BFP: What do you do?
EF: Gradian Health Systems is a social enterprise that works to improve access to safer surgery in low-income countries through improved anaesthesia technology. We sell and distribute the CE-marked Universal Anaesthesia Machine (UAM), a general anaesthesia machine designed to function with or without power and/or compressed oxygen, both of which are necessary to run conventional anaesthesia machines. As a social enterprise we are equally committed to providing the peripheral support needed to ensure the sustainability of improvements in surgical care: training of clinical and technical staff at installation, after-sales support & maintenance and global advocacy to incorporate surgery and anaesthesia into the global health agenda.
Within Gradian, I manage internal and external growth strategy. Internally, I try to figure out how to keep a lean US-based team that is effective and capable of growing our impact around the world. Externally, I work with my team to understand each of our markets individually and use that information to develop a sales strategy incorporating the right in-country people and processes.
However, as a start-up with just 6 people we all end up working on all parts of the business to some extent – which is what makes it so much fun!
BFP: What is the best part about your job/project?
EF: The best part of my job is that it feels different every day. Just today I spent the morning reviewing our sales pipeline for our east African markets and then reviewed the footage for a documentary we are hoping to make to tell the story of anesthesia in the countries we work in. The afternoon was spent coordinating our in-country trainers and developing our written statement for the United Nations Sustainable Development Goal planning process.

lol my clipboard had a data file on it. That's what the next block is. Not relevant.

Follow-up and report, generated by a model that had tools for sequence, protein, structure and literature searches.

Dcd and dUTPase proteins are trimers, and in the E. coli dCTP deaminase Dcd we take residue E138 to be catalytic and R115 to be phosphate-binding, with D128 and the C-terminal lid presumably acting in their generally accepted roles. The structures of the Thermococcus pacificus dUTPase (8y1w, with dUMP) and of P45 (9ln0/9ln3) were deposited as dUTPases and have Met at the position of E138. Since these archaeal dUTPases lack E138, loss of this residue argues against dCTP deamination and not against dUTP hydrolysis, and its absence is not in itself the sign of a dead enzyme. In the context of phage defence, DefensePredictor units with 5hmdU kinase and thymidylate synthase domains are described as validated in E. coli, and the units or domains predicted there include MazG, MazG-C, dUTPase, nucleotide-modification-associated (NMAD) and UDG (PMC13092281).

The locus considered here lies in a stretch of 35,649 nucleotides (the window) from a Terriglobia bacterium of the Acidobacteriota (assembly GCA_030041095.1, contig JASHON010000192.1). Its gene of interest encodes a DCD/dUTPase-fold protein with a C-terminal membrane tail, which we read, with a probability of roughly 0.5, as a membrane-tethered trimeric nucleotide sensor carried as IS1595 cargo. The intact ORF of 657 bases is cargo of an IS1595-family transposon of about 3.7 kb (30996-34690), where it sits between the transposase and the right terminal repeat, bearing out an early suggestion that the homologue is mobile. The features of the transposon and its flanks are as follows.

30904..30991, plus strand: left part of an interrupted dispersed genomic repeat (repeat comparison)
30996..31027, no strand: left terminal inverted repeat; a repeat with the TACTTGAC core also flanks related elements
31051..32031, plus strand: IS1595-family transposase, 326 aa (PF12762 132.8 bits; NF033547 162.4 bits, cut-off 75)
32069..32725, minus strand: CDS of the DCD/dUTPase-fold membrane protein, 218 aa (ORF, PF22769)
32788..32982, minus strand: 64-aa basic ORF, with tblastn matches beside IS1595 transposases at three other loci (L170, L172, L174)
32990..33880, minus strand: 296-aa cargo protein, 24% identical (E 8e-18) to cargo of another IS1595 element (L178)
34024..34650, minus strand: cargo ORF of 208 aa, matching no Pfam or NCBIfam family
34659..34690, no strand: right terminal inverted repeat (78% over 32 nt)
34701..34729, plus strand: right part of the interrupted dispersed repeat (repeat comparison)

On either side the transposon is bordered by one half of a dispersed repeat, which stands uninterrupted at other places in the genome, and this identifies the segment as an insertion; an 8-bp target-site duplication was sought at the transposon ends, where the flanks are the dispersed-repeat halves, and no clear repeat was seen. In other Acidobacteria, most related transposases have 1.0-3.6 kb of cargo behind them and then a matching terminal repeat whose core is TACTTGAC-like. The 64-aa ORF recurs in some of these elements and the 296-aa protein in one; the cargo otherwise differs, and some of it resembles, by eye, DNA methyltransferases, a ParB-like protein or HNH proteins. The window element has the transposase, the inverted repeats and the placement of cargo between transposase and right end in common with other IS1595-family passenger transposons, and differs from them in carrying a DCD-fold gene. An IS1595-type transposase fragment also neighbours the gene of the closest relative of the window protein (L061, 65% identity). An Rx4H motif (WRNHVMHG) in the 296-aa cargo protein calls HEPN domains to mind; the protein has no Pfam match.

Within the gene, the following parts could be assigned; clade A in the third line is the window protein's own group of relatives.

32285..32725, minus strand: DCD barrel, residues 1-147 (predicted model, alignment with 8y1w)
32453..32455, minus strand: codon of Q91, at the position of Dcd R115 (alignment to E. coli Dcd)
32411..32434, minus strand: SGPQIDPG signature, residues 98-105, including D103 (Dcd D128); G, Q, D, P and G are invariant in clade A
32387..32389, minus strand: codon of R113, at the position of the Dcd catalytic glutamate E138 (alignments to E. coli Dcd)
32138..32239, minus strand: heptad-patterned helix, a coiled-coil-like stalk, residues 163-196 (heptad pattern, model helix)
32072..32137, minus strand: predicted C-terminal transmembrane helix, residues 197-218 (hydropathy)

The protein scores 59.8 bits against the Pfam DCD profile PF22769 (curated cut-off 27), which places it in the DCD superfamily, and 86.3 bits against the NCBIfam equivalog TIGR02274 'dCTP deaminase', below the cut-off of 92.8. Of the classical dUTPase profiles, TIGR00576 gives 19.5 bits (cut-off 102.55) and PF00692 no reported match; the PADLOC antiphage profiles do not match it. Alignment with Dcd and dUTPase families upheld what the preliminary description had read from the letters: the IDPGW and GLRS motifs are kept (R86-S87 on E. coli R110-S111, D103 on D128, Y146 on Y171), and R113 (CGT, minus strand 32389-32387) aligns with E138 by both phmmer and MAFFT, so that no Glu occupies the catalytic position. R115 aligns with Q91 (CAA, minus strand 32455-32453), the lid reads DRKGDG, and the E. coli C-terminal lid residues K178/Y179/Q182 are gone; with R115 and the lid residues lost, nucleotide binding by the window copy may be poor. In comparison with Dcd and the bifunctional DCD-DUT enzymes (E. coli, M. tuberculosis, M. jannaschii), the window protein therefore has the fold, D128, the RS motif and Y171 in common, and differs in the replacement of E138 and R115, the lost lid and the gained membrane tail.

Really, the only constant is that each day I feel inspired and rewarded by the work I get to do with the others in my office and the many others in countries we work in around the world.
BFP: What’s been your greatest challenge?
EF: There are so many challenges within this work that it’s difficult to pull out just one. With respect to our product, we are trying to disrupt a system whereby machines are either sold or donated to hospitals that just simply don’t fit very well: the hospital experiences regular power shortages; compressed oxygen has been stocked out for the past 2 months; a small part on the machine broke but there is no service contract or engineer to fix it or the part is no longer manufactured; the list goes on… It’s not surprising, then, that there is often an instinct to assume that if something breaks or a part is needed, no one will respond. But our whole business is geared toward being available for just that call. So one of the challenges has been conveying that to our customers and ensuring we balance our follow up (“how are things going?”) with respect for their time.
Distribution is also a tremendous challenge and often the greatest obstacle to scaling. This takes two forms. The first is quite literal: How do you get a piece of equipment from a factory in the UK (or anywhere) to an air- or seaport, through customs and to the hospital it’s bound for? How do you do that many times a week with out any hiccups? It’s incredibly important and incredibly challenging. My colleague who handles most of this wrote a blog piece on this. The second deals with distribution more broadly: Given considerable resource constraints, how do you create a sales pipeline when most customers have to fundraise and governmental processes are long and hard to anticipate? How do you build a service infrastructure to respond immediately to customers when a machine needs attention? How do you do that in a country where biomedical engineers are scarce? Finally, how do you do all this while maintaining a margin that keeps the price of the machine at a level that is affordable?